Credit drives the world we live in today, and knowing where you stand is critical. It’s possible to use various entities, such as Vantage Score, created by the three major credit bureaus, and FICO scores, created by the Fair Isaac Corporation (FICO). It’s the latter that’s the most widely used today.
FICO scores have been around since 1998. Since then, the company has regularly revised its algorithm to calculate these scores, but the underlying principles haven’t changed. Your FICO score provides potential lenders – banks, insurance companies, mortgage providers, auto loan companies – a measure of the risk they’ll take if they allow you access to credit.
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Why You Need to Check Your Credit Score
A majority of U.S. financial institutions use some version of credit as their preferred lending risk predictor, meaning you could have more than one FICO score.
When FICO releases a new version of its formula to include newer risk scenarios and changing consumer credit behavior, companies have the option to update to the newer version or continue to use the older version of the algorithm. As a result, two institutions checking your FICO score could get different results.
FICO relies on data from consumer reporting companies like TransUnion, Experian, and Equifax, so differences in your credit report at each of those agencies could also impact your FICO scores.
The most compelling reason for you to know your credit score is so you can be proactive about managing it. Once you learn how to read your credit report and find that your score needs improvement, you can do something about it before you apply for a loan or a credit card.
Other important reasons include:
- You’ll know what to expect before applying for credit: Your credit score determines how much credit a lender might offer you, and at what terms (rate, length of repayment etc.) Knowing your score will give you a fair idea of what to expect.
- You can forestall credit inquiries that might hurt your credit score: Lenders usually publish the minimum score required for borrowers to qualify. Each time a lender makes a new inquiry, it impacts your score. If you don’t meet the lender’s minimum criteria, knowing your score can help you squash damaging credit inquiries.
- Know which of your risk factors, such as payment history or outstanding debt, might be weak, and then work to improve them: If a lender declines your credit request, federal law requires the lender to disclose why. You’ll already know the risk factors that make you susceptible for a potential credit decline and can then work to improve those specific factors before reapplying for credit.
Know whether you’re looking at an educational score or the score that lenders use. The educational versions are proprietary models used by credit bureaus such as Equifax and TransUnion, and may differ from what lenders use, which could be a blend of FICO scores with other credit factors.
The Consumer Financial Protection Bureau’s guide is an excellent source for learning more about this.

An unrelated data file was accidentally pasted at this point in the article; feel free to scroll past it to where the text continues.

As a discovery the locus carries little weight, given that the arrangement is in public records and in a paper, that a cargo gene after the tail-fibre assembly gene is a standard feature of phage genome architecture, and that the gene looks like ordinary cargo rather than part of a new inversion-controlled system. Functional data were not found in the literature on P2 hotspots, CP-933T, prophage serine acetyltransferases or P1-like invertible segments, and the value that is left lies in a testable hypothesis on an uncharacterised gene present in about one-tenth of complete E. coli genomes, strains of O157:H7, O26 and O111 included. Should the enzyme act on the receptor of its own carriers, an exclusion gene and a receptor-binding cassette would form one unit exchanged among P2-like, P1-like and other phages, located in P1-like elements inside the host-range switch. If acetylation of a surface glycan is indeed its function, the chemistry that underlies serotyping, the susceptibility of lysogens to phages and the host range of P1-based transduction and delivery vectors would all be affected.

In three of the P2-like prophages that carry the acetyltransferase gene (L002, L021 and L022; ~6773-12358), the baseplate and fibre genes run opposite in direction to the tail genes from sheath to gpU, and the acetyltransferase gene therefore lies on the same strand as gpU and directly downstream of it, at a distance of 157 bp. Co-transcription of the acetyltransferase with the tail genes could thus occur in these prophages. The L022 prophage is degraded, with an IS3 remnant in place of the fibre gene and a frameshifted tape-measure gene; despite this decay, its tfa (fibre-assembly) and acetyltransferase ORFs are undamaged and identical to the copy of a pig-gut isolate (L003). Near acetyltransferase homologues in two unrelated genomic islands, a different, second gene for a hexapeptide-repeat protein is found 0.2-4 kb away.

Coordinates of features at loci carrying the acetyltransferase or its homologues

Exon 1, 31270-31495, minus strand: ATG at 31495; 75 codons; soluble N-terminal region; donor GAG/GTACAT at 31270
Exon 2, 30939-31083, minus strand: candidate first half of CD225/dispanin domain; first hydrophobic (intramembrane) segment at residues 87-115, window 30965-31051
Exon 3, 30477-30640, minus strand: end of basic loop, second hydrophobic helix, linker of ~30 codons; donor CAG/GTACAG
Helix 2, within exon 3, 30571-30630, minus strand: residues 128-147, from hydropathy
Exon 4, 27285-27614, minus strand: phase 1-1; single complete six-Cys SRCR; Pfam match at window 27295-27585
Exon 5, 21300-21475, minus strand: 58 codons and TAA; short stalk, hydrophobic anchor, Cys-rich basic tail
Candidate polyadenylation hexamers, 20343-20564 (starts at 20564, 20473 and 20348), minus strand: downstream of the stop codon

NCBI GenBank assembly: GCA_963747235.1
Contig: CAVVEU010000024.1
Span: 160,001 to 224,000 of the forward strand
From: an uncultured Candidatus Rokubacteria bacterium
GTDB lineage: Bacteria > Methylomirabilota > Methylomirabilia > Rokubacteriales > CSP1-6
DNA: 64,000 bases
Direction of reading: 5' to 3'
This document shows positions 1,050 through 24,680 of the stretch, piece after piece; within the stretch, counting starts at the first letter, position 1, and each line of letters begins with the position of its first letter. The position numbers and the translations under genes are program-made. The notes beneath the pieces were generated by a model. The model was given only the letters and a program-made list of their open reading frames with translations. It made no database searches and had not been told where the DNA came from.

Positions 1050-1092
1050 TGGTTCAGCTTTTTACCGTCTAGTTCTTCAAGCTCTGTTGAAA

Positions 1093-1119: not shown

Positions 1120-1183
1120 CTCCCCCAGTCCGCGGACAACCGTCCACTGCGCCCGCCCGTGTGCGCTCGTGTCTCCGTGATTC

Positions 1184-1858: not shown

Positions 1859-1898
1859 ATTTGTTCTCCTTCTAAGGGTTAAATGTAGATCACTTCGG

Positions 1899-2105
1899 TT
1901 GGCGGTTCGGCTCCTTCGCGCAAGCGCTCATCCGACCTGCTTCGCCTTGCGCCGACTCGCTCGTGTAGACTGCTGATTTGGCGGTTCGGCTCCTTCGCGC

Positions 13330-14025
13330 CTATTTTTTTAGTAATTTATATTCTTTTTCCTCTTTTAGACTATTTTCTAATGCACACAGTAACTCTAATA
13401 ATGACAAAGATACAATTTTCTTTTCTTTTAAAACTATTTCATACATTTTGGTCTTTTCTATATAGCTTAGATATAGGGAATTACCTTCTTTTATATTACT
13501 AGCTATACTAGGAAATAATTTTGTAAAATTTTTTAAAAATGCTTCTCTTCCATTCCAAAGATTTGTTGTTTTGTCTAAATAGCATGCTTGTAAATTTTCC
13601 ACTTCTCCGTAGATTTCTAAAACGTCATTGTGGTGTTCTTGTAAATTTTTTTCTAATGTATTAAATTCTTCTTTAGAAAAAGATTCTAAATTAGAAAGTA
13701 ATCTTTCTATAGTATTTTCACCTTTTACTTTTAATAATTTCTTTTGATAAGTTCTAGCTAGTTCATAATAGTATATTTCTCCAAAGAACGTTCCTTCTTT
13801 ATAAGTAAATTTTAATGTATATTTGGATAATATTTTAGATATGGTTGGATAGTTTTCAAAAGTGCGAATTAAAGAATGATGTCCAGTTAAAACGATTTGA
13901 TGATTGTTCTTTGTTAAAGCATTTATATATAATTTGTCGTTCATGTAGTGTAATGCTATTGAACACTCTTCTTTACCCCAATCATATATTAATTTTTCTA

Where You Can Get a Free Credit Score
All three major credit bureaus provide free annual credit reports upon request, but these will not necessarily show you your credit score. In addition to FICO itself, you can access your score through a network of authorized retailers and third-party partners through the company’s Open Access program. Many of these providers offer FICO scores for free.
Place 1: Free Estimated Credit Score From FICO
If all you want is an estimate of your FICO score, you can go to myFICO and use the credit score estimator to get yours for free. There’s no need to create an account or to login.
Place 2: FICO App
You can download the free myFICO app from GooglePlay and access a range of FICO data from your credit profile. The app is free, but you’ll need to subscribe to one of the FICO paid packages.
Place 3: Experian
Credit bureau Experian also offers access to free FICO scores, but you’ll need to register and provide some personal details first.
Place 4: Credit Card Issuers
Many credit card issuers provide credit scores (including FICO scores) on your monthly statement. You might also get your free credit score when you log into your online credit card account.
Place 5: FICO Score Open Access Program
Over 160 financial institutions provide free FICO scores to their customers:
Over 100 credit counseling organizations also provide free access to FICO scores to their clients:
Place 6: Equifax
You can also get a copy of your credit score from Equifax for a fee. The service provides you with other details too, in addition to your credit score. However, this service is based on the Equifax Credit Score™ model.
Other Free Credit Score Sites
You can also view your credit score for free at several credit reporting sites such as Credit Karma and Credit Sesame. These sites offer an educational score, however, and you’ll need to sign up, create an account and provide some personal information.
Experian, Equifax and TransUnion have collaborated to create their own version of a credit score, called Vantage Score™. These use some of the same criteria that FICO uses, but includes some proprietary characteristics as well. You can access your VantageScore for free through a network of lenders and non-lender partners.
Experts recommend that you check your credit report at least once a year. However, that does not guarantee that you’ll find out what your credit score is. At a minimum, you should check your credit score before making an application for new credit, whether for credit cards, mortgages or car loans.
Whether it’s a FICO score, a Vantage Score™ or an educational score, you have both free and paid access to them all. Armed with knowledge of your credit score, you’re in a much better position to negotiate credit with prospective lenders.
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